Days after Sprimont, Jourdan detached some 15,000 men under Philibert Duhesme to besiege Maastricht. The remaining 105,000 men remaining were organised in divisions as follows:[4]: 248 

Left Wing (Kleber)

Centre (Jourdan)

Right Wing (Scherer)

Austrian Positions[edit]

Clerfayt's 76,000-strong army was deployed behind the steep-banked Roer with its left flank at Düren and its right flank at Roermond.The positions around Aldenhoven were entrenched, as were other portions of the line,[5] and the Austrians had destroyed all bridges and dug up all fords along the river.[6] The river was also running high during this period of time, adding to the defence. Clerfayt placed the bulk of his forces between Düren and Linnich, with an advanced west-bank position at Aldenhoven in front of his center at Jülich. The extreme right was in tenuous communication with the army of the Duke of York near Grave.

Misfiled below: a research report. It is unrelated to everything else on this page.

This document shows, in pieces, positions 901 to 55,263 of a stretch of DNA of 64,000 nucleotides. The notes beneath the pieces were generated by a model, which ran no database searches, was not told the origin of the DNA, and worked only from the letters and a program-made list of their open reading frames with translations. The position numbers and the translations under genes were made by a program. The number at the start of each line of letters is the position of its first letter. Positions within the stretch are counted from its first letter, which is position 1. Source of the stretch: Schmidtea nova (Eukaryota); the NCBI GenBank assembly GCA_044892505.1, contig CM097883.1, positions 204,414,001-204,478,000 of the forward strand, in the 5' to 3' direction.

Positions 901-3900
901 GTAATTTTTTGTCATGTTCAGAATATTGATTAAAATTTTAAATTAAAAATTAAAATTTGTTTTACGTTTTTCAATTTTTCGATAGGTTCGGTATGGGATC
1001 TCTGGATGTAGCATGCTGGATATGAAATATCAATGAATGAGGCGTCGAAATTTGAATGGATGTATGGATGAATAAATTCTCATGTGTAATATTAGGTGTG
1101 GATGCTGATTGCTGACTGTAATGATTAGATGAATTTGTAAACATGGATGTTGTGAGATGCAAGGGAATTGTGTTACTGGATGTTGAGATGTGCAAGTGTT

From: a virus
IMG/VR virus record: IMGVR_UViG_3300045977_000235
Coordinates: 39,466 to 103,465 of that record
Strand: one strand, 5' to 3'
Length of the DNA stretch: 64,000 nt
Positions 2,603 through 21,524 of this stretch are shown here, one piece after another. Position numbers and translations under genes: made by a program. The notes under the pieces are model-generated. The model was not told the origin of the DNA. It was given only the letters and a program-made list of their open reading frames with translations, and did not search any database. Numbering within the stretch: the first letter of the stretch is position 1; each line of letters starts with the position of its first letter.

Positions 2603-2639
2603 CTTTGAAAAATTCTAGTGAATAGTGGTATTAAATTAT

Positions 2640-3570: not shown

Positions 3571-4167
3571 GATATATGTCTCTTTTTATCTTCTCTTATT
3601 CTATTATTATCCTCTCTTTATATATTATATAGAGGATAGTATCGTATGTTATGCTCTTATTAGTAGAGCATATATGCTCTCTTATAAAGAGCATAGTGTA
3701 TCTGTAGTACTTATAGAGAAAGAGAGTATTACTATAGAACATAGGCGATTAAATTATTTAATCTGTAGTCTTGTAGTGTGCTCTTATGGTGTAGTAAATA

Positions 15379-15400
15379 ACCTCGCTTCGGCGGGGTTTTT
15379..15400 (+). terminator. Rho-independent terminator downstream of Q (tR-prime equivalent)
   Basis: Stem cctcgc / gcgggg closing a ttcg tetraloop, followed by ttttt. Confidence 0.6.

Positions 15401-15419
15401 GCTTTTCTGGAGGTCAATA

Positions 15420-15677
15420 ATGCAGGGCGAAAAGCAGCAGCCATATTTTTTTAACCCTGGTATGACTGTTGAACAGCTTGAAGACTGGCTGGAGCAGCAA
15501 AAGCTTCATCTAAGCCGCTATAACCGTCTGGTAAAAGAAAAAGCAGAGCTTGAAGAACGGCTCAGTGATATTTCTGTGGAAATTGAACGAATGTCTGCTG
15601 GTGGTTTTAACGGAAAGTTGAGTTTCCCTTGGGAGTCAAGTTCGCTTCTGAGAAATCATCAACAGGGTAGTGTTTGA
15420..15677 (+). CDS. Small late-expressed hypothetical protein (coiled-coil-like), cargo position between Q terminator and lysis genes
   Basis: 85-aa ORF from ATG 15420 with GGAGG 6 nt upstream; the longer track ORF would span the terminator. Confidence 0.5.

French Plan of Attack[edit]

On 1 October 1794, Jourdan ordered Schérer and the Right Wing to cross the Roer and seize Düren. In the center, Jourdan directed Morlot and Championnet to capture Aldenhoven in the centre and cross the river at Jülich, while Lefebvre occupied Linnich on their left and Hatry occupied Altorp on their right. Meanwhile, Kléber and the Left Wing were instructed to move upstream from a position opposite Roermond and cross the Roer at Ratheim (near Hückelhoven).

Battle[edit]

The battle of Aldenhoven, showing the approximate positions of the Coalition defence line and the main thrusts of the French assault. The Roer river is marked in blue.